The music in my life

To keep it brief-there has been such an outpouring of emotion over Michael Jackson’s death-there is nothing more I can say.

Just that growing up in Bombay, India, in the eighties, MJ was my first exposure to seeing a black American singer on stage. I know the politics and the power structure of that now. Why it is important to have with us the music of Michael Jackson and Prince. It is a reminder of the need for representation and to reiterate your place in the world. Through visibility, music and storytelling. Michael Jackson did what a lot of African American singers before him could not do. Not even Isaac Hayes. Living here in New Zealand I understand that better. Sometimes I wonder if we Indians are ever going to get that kind of music that goes beyond the purity of Lata Mangeshkar. No doubt that Lata is the Nightingale of India and her contribution to popular (and classical) Indian culture is immense but I crave for the complexity and ambiguity that talks about current India. Globalisation, aspiration, poverty, fanaticism and spirituality. I hope it will happen one day-for in my gloom and looking at videos on Youtube that is all I can think of. So in conclusion here is the video of the theme music from SHAFT (Issac Hayes) and MJ doing his version of Ain’t No Sunshine. RIP. Love always.

Smug New Zealand and racist Australia.

<Do not take this seriously.>

At least not as half as the New Zealand immigration consultants who are smugly looking forward to Indian students coming to the good ol’ Land Of The Long White Cloud instead of Crocodile Dundee. Coz they are racist there. We are not here, supposedly.

So when I saw all the shit on telly and learnt how Amitabh Bachchan had refused a doctorate from Brisbane I called my sister. She lives in Melbourne. She is Indian, she should know :-). Yeah she said there have been attacks. Nothing new. Just that they all happened in a cluster this time. And the police reaction was pathetic. There are three things the police apparently said that are circulating in the Indian community.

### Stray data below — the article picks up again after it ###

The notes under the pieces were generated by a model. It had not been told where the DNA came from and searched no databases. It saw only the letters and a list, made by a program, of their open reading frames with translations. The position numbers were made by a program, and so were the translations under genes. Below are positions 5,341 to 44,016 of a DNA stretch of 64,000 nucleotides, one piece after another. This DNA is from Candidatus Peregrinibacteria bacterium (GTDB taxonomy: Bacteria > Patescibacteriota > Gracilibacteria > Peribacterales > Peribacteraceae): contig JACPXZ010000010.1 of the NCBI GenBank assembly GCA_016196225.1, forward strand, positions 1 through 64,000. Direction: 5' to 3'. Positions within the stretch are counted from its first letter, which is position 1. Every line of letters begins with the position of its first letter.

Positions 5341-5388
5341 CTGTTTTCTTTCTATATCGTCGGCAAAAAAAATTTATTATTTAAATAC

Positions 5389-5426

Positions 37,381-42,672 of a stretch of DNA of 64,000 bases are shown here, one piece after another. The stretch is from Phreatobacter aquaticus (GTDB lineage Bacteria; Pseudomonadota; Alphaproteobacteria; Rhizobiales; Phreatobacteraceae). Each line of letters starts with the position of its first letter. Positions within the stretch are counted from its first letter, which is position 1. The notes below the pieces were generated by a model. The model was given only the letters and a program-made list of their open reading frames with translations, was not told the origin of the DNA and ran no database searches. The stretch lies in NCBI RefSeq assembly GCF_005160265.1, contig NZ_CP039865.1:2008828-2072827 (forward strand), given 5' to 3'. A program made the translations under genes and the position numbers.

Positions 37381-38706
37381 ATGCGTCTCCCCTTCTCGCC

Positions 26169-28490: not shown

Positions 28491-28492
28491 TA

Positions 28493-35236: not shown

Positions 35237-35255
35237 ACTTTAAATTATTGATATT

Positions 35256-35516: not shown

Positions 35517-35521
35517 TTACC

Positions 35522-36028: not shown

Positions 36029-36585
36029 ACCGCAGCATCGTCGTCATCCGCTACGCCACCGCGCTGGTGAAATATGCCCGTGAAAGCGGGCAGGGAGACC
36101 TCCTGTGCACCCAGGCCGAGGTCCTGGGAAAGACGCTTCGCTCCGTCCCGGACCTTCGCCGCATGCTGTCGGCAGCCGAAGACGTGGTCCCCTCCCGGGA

1-The Indians are attacked because they flaunt their wealth.

2-The Indians are attacked because they talk too loudly.

3-The Indians are attacked because they travel on their own.

If true then none of the above makes any sense. I have been to Melbourne so many times. It is a great city; multicultural and dynamic. It is also Australia. The indigenous people are missing, banished to the desert and boondocks to become unemployed alcoholics and gamblers in a perpetual cycle. The media is full of white people with supposedly Ango-Saxon origin, Australian identity denying anything else. Indian students in Melbourne, the ones I have seen in town, loitering at Flinders Street Station and in the trains and buses are regular middle class kids, a little bit frightened, a little bit out of their depth and a little bit defensive. Wearing designer gear is an Asian/Indian aspirational thing. No connection to how much wealth a person has. Does not mean they flaunt it. I don’t agree with it, being happy in my op-shop-hippy-East-Asian-inspired-cute-grunge but that is the reality with most Indian students.

Point number two. Indians are a cacophonic people. We are like this only, what to do? So we talk loudly. Point number three-totally opposite to the point before. If people are by themselves are they going to talk loudly? You tell me.